To mark the 50th anniversary of Martin Luther King Jr.’s assassination, special correspondent Charlayne Hunter-Gault sits down with one of his closest friends, artist and activist Harry Belafonte, who remembers how they met and what made King so special, as well as why he says America is more racially divided than any other moment in his life.

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Judy Woodruff:

And, finally, as we Mark the 50th anniversary of Martin Luther King’s assassination, special correspondent Charlayne Hunter-Gault sat down with one of King’s closest friends, artist and activist Harry Belafonte, in his home.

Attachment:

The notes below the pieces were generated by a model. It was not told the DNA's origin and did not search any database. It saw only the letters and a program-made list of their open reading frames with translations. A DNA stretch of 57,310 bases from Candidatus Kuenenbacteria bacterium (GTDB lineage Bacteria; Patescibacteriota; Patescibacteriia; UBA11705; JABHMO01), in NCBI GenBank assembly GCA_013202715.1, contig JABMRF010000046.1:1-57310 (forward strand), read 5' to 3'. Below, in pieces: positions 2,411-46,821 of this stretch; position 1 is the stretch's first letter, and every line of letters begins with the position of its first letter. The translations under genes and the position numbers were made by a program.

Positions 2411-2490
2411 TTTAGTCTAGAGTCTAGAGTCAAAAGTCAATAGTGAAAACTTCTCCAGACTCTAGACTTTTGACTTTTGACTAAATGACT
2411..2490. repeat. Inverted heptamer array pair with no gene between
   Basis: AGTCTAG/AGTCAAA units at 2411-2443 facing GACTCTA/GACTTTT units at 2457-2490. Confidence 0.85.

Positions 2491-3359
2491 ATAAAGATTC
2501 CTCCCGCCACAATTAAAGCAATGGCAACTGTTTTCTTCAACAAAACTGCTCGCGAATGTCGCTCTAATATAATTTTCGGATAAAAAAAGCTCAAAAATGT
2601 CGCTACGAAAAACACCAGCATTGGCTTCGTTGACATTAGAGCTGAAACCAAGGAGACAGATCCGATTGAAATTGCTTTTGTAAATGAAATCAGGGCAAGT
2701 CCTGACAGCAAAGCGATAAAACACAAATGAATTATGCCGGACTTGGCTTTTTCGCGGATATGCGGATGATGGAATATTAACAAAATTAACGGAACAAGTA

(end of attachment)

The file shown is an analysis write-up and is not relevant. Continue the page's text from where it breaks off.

Charlayne began by asking Belafonte how he first met Dr. King some 65 years ago.

Harry Belafonte:

He was coming to New York to speak to the religious community, the ecumenical community at the Abyssinian Baptist Church.

As a young black artist on the rise, I began to make a bit of noise on my own terms. I began to violate the codes of racial separation. I understood the evils of racism and rebelled from my youth. He was 24. I was 26.

And I listened to him. And I was just absolutely struck with the way in which he presented his case to the black community, condemning them for being not more engaged in the social destiny of black people.

Charlayne Hunter-Gault:

Really?

Harry Belafonte:

Yes.

Charlayne Hunter-Gault:

That must have gone over big.

Harry Belafonte:

It went over very big.

(LAUGHTER)


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